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French Research Lab Develops Unique New Screen Material

French Research Lab Develops Unique New Screen Material
A team of scientists at a French public research lab has developed a new material suitable for use as screens on units such as mobile phones and TVs. (iStock)

A team of scientists at a French public research lab has developed a new material suitable for use as screens on units such as mobile phones and TVs.  

Based at Caen, the CRISMAT laboratory is associated with the University of Caen Normandy, the CNRS and the ENSICAEN. Led by Wilfrid Prellier, director of the CRISMAT laboratory, the team including senior researchers Ulrike Lüders and Arnaud Fouchet, have developed SrVO3, a thin film for use in electronics applications.

Strong Electronic Correlations and Optical Transparency

Wilfrid explained:

“SrVO3 is a perovskite oxide, being a transparent metallic conductor. In contrast to other transparent conducting oxides (TCOs), this material shows a much higher charge density, in the range of metallic conductors, with strong electronic correlations, leading to optical transparency.”

The strength of SrVO3 compared to other TCOs is the fact that it does not use Indium and still sustains a high electronic conduction. The most efficient TCO known so far is ITO (Indium-Tin-Oxide Sn:In2O3), which is widely used in electronics. However, Indium is a rare element, with restricted availability. Prices are therefore strongly fluctuating, and sustainability is limited.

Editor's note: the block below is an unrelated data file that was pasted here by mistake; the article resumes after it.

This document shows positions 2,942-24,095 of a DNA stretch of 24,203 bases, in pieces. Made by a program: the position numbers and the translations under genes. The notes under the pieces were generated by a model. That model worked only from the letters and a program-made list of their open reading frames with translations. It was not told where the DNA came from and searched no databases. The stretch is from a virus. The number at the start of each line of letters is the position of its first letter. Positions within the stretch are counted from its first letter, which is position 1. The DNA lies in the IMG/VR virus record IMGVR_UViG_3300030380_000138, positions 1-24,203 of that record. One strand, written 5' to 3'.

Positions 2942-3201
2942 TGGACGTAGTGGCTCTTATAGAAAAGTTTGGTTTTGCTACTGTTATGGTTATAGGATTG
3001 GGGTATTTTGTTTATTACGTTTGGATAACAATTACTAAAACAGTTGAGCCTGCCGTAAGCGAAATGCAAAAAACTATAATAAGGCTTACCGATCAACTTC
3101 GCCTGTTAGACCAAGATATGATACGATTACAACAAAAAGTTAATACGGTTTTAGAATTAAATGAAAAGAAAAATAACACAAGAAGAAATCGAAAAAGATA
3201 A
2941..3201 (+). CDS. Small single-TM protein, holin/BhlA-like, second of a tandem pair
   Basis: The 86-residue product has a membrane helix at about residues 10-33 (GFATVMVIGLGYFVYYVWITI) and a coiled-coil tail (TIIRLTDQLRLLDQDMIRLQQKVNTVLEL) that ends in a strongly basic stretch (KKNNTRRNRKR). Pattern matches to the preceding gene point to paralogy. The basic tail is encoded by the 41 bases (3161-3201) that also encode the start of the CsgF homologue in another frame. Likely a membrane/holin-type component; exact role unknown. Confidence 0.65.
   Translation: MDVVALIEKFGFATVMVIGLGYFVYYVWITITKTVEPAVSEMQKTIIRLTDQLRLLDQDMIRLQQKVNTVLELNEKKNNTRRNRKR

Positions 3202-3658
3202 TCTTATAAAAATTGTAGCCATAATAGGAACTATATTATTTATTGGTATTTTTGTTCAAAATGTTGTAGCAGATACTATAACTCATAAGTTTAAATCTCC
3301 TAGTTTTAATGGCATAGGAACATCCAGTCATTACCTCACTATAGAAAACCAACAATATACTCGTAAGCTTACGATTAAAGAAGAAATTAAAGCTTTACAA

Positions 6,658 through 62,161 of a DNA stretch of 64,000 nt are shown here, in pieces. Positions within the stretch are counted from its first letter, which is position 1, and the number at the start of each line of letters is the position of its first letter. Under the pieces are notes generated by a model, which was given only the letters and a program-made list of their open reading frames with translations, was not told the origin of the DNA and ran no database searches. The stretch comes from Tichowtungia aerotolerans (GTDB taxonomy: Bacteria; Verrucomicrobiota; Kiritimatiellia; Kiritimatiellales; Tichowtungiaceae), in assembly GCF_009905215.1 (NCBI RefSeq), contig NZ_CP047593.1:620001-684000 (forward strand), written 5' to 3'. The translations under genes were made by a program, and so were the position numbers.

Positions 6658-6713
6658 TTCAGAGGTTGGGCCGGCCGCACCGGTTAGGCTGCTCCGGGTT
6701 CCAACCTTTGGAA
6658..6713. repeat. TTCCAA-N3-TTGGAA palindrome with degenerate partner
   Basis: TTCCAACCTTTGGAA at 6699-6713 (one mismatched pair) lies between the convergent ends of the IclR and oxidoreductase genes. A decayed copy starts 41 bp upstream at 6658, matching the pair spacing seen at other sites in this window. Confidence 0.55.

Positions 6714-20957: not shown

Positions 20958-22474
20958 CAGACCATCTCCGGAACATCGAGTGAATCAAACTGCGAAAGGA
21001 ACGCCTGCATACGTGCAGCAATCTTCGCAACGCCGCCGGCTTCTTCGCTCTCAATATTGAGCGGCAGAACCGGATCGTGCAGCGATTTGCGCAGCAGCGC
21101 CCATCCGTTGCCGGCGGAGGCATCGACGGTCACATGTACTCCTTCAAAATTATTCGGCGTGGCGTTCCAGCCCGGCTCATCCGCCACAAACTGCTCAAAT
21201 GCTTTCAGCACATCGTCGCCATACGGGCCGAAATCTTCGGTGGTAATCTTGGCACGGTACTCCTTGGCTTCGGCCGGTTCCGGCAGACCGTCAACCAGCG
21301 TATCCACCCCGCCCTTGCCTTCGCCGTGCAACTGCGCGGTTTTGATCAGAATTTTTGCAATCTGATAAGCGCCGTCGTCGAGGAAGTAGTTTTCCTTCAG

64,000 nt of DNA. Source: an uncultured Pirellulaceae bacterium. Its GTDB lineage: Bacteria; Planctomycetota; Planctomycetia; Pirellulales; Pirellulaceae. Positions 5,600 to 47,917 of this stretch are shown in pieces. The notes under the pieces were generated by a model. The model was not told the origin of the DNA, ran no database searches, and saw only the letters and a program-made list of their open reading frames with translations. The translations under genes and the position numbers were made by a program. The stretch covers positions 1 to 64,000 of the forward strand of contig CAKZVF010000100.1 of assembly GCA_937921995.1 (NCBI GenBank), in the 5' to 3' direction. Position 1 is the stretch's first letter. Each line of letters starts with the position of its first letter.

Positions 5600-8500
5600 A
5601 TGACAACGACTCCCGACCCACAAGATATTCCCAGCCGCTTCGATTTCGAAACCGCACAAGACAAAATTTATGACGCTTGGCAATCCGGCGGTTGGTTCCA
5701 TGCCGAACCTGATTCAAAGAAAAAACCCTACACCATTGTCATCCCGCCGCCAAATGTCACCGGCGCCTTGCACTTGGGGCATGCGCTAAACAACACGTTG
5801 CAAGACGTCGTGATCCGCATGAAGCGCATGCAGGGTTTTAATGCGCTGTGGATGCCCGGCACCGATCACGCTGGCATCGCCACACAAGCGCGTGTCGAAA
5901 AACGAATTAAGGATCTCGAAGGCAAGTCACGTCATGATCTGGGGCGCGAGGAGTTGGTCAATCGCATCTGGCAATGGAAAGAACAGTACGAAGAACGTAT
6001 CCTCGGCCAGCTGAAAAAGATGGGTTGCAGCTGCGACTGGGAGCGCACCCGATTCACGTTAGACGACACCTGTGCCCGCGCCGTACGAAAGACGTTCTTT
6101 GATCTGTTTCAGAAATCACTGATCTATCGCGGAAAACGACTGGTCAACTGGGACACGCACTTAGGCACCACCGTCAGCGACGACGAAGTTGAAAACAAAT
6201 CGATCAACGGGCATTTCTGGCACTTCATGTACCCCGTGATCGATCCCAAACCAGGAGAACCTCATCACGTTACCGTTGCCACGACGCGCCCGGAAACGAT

“In SrVO3, only largely available elements are used, and in comparison to other Indium-free TCOs (as Al:ZnO or F:SnO2), the electronic conductivity is larger. Therefore, SrVO3 seems to be an extremely promising material to substitute ITO in many applications.” 

SrVO3 is a perovskite oxide, being a transparent metallic conductor. (CRISMAT laboratory)

SrVO3 has to be crystalline to be conducting, and until now, its crystalline growth was only known on adapted surfaces, principally other perovskite oxide monocrystals as SrTiO3 or LaAlO3. 

Wilfrid added:

“A direct growth on Si or glass was not practicable due to the structural and chemical incompatibility. Our work has demonstrated that this material can be grown on virtually any surface using oxide nanosheets as a seed layer. Those nanosheets can be deposited by chemical solution methods on a large range of surfaces or on devices, allowing for the integration of SrVO3.”

Applications on Smartphone Screens

TCOs are needed in a wide range of applications, and especially in those where an electric connection has to be combined with optical transparency. 

For touch screens, as on smartphone screens, the finger makes a local electrical contact, allowing the system to interpret the finger position. At the same time, the electrode on the screen used to detect this electrical contact by the finger has to be optically transparent in order to pass on the visual information shown on the screen to the user. 

Other applications for the material could be for the front window heating in cars. With transparent conductors, the same techniques as for the back window, using conducting wires with resistive heating, could be used without the visual effect of the wires. 

Wilfrid said:

“TCOs also have often some interesting behavior in the infrared wavelengths for heat management, but we did not take a look at the infrared properties of SrVO3 up to now. Independently on the TCO character, SrVO3 also has a very low electron emission threshold, which may be also interesting for certain applications for electron guns, but more in general for energy band alignment in devices.”

The laboratory is currently looking for industrial partners interested in developing commercial products using SrVO3, such as phone manufacturers, in order to introduce the material to the market. 

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